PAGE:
Conducting an in-depth ethnographic study with the aid of 119 key respondents from four communities around the country, the research showed that among the poor, there are five perspectives that prevail regarding vote buying.
Ateneo development studies program faculty member Jayeel Cornelio, PhD said that some respondents regard the money given to them as a “gift” which they use to buy daily necessities. Meanwhile, he shared that others take the money because they believe it rightfully belongs to them. They pay for value added tax, after all—so taking money from these politicians is, in a sense, a way to get their money back.
“People are willing to receive from many sources but in the end, they want to exercise their agency or free will,” Cornelio said.
Ultimately, research director Filomeno Aguilar, PhD said tagging poor voters as “bobotantes,” is in itself “a symbolic violence against the poor,” particularly, when we see them “as all just giving in, without us not understanding the particular circumstances in their respective communities.” He stresses, “We have to be sensitive about that. We have to put ourselves in the shoes if we can of the very poor, in their different situations, and try to understand them before we make any generalizations.”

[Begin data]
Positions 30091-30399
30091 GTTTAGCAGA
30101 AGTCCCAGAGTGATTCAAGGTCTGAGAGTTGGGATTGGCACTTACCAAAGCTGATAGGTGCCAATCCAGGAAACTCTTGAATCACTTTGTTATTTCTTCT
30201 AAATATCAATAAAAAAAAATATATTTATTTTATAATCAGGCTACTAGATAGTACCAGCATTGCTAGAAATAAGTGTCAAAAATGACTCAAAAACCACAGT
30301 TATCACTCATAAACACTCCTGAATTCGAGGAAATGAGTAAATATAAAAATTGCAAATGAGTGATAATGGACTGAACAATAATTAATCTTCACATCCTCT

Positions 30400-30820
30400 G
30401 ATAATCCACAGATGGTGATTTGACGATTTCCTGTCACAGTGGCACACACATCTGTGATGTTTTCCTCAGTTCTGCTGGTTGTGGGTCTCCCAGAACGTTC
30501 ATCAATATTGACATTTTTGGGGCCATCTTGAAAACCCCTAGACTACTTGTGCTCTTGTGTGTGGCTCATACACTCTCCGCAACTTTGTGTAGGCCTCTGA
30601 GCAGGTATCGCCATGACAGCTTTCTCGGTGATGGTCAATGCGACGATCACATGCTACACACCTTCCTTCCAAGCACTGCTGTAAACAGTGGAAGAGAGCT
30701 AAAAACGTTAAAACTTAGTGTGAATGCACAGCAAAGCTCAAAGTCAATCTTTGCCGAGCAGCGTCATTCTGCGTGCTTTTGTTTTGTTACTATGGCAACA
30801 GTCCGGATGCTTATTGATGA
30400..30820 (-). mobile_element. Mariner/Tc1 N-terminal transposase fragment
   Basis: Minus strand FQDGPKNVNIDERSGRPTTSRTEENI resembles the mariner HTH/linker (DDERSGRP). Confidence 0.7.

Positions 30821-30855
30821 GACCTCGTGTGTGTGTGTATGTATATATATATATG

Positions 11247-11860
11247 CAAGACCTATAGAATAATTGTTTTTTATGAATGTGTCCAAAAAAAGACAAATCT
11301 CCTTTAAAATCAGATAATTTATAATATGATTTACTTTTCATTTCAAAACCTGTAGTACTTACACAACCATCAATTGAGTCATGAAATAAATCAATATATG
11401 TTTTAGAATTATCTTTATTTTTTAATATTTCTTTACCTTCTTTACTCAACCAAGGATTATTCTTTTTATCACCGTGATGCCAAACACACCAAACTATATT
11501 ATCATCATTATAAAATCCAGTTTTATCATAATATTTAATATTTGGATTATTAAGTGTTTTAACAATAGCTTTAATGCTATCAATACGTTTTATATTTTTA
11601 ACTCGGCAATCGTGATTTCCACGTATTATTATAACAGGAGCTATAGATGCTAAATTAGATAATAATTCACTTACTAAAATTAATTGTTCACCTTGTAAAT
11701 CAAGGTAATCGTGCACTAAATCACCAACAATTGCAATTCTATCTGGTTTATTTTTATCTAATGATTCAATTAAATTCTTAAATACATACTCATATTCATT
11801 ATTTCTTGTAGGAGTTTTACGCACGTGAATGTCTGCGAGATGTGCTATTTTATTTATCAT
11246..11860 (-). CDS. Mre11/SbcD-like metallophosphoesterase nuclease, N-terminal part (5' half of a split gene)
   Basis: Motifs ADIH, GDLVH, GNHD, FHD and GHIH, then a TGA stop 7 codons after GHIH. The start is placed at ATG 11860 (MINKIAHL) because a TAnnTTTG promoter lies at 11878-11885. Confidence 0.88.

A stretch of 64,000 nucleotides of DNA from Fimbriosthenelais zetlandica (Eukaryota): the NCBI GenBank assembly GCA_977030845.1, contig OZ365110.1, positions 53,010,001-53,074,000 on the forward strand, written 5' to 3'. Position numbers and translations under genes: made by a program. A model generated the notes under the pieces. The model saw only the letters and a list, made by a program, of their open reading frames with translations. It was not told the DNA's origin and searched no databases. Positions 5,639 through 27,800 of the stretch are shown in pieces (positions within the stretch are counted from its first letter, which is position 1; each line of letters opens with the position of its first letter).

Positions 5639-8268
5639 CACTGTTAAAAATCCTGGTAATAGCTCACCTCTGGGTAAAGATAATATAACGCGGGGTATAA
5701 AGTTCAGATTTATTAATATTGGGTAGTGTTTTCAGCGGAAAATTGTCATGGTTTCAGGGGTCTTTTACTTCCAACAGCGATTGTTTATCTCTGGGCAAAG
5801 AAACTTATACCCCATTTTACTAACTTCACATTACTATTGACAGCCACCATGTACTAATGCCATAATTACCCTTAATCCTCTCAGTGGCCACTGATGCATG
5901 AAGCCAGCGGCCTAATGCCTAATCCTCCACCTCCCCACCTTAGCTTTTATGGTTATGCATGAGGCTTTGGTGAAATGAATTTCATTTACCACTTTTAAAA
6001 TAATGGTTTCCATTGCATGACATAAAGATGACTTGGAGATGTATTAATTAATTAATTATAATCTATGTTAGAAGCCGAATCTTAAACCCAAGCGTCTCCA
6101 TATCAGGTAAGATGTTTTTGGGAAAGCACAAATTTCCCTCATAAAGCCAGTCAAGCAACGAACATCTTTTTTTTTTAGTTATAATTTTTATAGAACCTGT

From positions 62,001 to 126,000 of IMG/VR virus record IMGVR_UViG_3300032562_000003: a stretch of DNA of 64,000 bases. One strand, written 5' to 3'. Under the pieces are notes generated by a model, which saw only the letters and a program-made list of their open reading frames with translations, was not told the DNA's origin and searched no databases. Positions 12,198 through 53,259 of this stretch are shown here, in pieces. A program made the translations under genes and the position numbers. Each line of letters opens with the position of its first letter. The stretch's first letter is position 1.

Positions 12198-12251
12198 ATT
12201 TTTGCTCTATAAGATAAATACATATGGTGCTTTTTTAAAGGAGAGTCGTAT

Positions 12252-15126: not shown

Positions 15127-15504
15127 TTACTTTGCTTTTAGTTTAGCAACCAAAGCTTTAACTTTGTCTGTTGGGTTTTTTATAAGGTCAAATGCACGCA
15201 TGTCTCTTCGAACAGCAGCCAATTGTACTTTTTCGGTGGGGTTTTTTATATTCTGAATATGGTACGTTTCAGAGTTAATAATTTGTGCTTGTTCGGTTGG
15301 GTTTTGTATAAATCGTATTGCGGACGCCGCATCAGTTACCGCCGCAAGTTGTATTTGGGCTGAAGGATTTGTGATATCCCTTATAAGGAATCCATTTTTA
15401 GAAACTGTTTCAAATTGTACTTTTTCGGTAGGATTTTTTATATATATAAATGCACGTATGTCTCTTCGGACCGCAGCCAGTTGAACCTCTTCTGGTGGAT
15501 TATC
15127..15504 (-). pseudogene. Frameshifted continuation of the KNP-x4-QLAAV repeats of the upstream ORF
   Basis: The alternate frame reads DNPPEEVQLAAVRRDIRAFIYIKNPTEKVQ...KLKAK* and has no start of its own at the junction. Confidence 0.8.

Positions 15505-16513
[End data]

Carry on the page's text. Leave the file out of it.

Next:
It’s true that politics is an extremely tough subject—enough to break relationships, even. Believe me, I understand. We do drastic things to defend our principles. But the next time you insult someone—or even threaten to “unfriend” or cut off ties with them for disagreeing with you, think again. Like another Facebook friend of mine noted, this kind of mindset only causes more divide between us. She pointed out, “We can’t continue to engage only with like-minded people. This time, our mission is to engage and convert.” Adding, “If we really want change, we need to educate each and every voter. Educate, not eliminate. Each uninformed voter is not an enemy. Each one we educate is an opportunity to make change happen. Maybe not now, but in time.”